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Key Developments

» Internet “crime” bill would restrict newsgathering, social media.

» Arrests, assaults, obstruction climb, limiting coverage of corruption.

Youth-led and social media-fueled protests demanding reform challenged President José Eduardo Dos Santos, who marked 32 years in power. Parliament, controlled by Dos Santos’ MPLA party, considered legislation to “combat crime” in information and communication technology. The bill, pending in late year, would stiffen penalties for defamation and would criminalize electronic dissemination of “recordings, pictures, and video” of any individual without the subject’s consent. In nationally televised remarks targeting citizen journalists, Dos Santos lashed out at the use of the Internet to organize “unauthorized demonstrations to insult, denigrate, provoke uproar and confusion.” (One YouTube user called Kimangakialo posted more than 150 clips of protests.) In the same April address, Dos Santos claimed journalists enjoyed unfettered freedom to criticize his leadership. But CPJ research shows that security forces assaulted, detained, and obstructed independent journalists covering protests and official functions. Powerful public figures and officials used security forces and the courts to settle scores with reporters investigating allegations of abuse of power, corruption, or misconduct. Two journalists, Armando José Chicoca and William Tonet, were sentenced to prison over their critical coverage; they were free on appeal in late year. José Manuel Gimbi faced intimidation from security forces while reporting from the militarized, oil-rich enclave of Cabinda. Denial-of-service attacks targeted the exile-run websites Club-K and Angola24horas, taking them off-line in October.
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  • 25

    Attacks, 2011
  • 8

    Years prison penalty
  • 2

    Independent newspapers
  • 2

    Independent broadcasters
  • 10

    Killed since 1992

CPJ research charted a significant rise in attacks on the press in 2011. Cases of assault, censorship, detention, and threats jumped more than three-fold over 2010. Many involved journalists covering anti-government protests.

Attacks over time, according to CPJ research:

The pending Internet bill proposed a stiff penalty for those “who without consent provide, transmit, make available, or distribute recordings, films, and photographs of another person through a system of information.” At least four existing laws criminalize journalistic activities.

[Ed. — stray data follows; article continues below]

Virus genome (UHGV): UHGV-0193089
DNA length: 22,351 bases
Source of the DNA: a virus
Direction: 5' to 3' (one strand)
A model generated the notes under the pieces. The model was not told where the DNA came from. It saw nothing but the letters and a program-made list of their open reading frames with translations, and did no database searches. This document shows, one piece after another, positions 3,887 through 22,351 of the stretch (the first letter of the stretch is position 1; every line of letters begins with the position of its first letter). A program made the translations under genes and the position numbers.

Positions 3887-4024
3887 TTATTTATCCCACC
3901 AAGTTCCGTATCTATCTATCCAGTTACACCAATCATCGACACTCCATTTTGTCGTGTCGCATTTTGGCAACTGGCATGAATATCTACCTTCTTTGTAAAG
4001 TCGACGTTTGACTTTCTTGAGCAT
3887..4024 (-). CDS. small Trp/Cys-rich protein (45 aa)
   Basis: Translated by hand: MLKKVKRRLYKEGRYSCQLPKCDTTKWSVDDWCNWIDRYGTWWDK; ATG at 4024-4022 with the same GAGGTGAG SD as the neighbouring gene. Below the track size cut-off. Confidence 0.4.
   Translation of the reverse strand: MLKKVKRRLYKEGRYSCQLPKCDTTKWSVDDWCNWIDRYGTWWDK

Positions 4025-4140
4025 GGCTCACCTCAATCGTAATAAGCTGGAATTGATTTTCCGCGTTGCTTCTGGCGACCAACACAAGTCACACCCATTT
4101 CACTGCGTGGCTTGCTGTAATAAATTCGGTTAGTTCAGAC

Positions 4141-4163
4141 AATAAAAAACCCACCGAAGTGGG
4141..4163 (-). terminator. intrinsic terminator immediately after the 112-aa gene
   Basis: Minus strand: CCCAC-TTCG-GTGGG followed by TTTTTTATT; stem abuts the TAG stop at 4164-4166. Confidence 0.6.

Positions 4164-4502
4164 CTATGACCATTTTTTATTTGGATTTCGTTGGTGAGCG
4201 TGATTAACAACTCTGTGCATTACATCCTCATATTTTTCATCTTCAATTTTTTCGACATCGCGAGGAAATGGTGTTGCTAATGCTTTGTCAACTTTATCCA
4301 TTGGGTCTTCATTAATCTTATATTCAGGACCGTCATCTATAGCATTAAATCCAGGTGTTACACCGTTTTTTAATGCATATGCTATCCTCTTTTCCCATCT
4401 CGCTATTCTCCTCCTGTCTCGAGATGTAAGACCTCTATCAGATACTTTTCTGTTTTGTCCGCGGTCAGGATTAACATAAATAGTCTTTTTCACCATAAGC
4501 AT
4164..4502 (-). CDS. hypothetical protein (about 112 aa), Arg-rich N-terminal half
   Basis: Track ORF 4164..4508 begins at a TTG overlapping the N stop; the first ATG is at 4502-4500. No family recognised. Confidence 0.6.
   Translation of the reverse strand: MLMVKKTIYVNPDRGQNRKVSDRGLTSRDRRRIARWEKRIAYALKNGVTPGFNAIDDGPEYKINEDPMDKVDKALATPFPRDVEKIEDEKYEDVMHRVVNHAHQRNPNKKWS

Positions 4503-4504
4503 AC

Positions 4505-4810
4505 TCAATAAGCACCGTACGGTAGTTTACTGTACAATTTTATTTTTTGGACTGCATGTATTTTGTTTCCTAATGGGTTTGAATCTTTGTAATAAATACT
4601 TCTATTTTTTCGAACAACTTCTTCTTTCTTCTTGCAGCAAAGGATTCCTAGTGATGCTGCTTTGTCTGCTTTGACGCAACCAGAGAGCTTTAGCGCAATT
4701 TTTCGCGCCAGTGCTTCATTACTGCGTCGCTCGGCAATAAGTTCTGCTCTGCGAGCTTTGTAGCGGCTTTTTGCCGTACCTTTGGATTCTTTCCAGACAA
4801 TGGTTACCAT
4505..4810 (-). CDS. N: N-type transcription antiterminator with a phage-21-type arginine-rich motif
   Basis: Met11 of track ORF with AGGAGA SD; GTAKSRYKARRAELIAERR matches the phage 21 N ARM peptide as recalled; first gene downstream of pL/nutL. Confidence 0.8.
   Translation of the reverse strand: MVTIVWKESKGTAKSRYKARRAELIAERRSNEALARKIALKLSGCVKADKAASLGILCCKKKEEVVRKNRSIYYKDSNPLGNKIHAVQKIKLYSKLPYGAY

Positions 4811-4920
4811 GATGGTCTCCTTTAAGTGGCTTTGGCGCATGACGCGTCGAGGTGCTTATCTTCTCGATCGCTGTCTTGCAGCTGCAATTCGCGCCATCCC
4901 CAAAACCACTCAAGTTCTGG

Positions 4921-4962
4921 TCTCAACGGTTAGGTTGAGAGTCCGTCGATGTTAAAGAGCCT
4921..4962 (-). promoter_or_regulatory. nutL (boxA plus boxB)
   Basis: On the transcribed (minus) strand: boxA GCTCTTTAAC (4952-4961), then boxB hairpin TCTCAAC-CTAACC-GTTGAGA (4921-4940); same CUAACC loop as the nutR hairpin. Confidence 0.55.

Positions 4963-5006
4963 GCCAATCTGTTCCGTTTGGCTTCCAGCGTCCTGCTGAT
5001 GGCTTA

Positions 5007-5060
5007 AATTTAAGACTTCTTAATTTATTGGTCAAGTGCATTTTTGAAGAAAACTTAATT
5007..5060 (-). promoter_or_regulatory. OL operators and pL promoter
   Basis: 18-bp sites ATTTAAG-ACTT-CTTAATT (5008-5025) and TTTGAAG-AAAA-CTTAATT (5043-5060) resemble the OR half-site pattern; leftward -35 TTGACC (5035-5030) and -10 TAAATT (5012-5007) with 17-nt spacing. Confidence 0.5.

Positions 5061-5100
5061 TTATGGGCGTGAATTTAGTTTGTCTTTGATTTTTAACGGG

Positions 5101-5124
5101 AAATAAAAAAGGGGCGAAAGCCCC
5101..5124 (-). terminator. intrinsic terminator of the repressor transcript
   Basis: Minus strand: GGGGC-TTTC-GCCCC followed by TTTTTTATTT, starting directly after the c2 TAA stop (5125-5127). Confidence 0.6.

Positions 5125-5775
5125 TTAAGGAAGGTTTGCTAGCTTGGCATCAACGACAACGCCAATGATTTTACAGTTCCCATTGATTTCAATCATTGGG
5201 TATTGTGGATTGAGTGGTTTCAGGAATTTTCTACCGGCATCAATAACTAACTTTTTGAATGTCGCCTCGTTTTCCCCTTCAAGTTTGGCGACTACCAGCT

Restrictive laws:
1886: Colonial-era penal code set a six-month prison penalty for defaming officials.
2002: State Secrecy Law imposed a two-year prison penalty for possession of official documents deemed sensitive.
2006: Press Law allowed courts to suspend media outlets for a year.
2010: State Security Crime Law set a two-year prison penalty for "words, images, writings, or sound insulting" to the president or official institutions.


Officials of the ruling MPLA, their family members, and businesses aligned with the party have controlling interest in all but two of Angola's private newspapers, according to CPJ research.

2 independent papers:
Folha 8

7 papers supportive of MPLA:
O Pais
A Capital
Semanário Angolense
Novo Jornal


In addition to controlling the national public broadcasters, officials of the ruling MPLA controlled all but two private radio stations, according to local journalists.

2 independent stations:
Radio Ecclésia
Radio Despertar                     

8 stations supportive of MPLA:
Rádio Nacional de Angola
Televisão Publica de Angola
FM Rádio LAC
FM Radio Comercial de Cabinda
FM Radio 2000
FM Radio Morena
Rádio Mais
TV Zimbo


Ten journalists have been killed for their work in Angola over the last two decades, according to CPJ research. Many of the deaths occurred during the country's 27-year civil war.

A breakdown of fatalities since 1992:
7: Journalists murdered
2: Journalists killed in crossfire
1: Journalist killed on a dangerous assignment
0: Arrests in the killings

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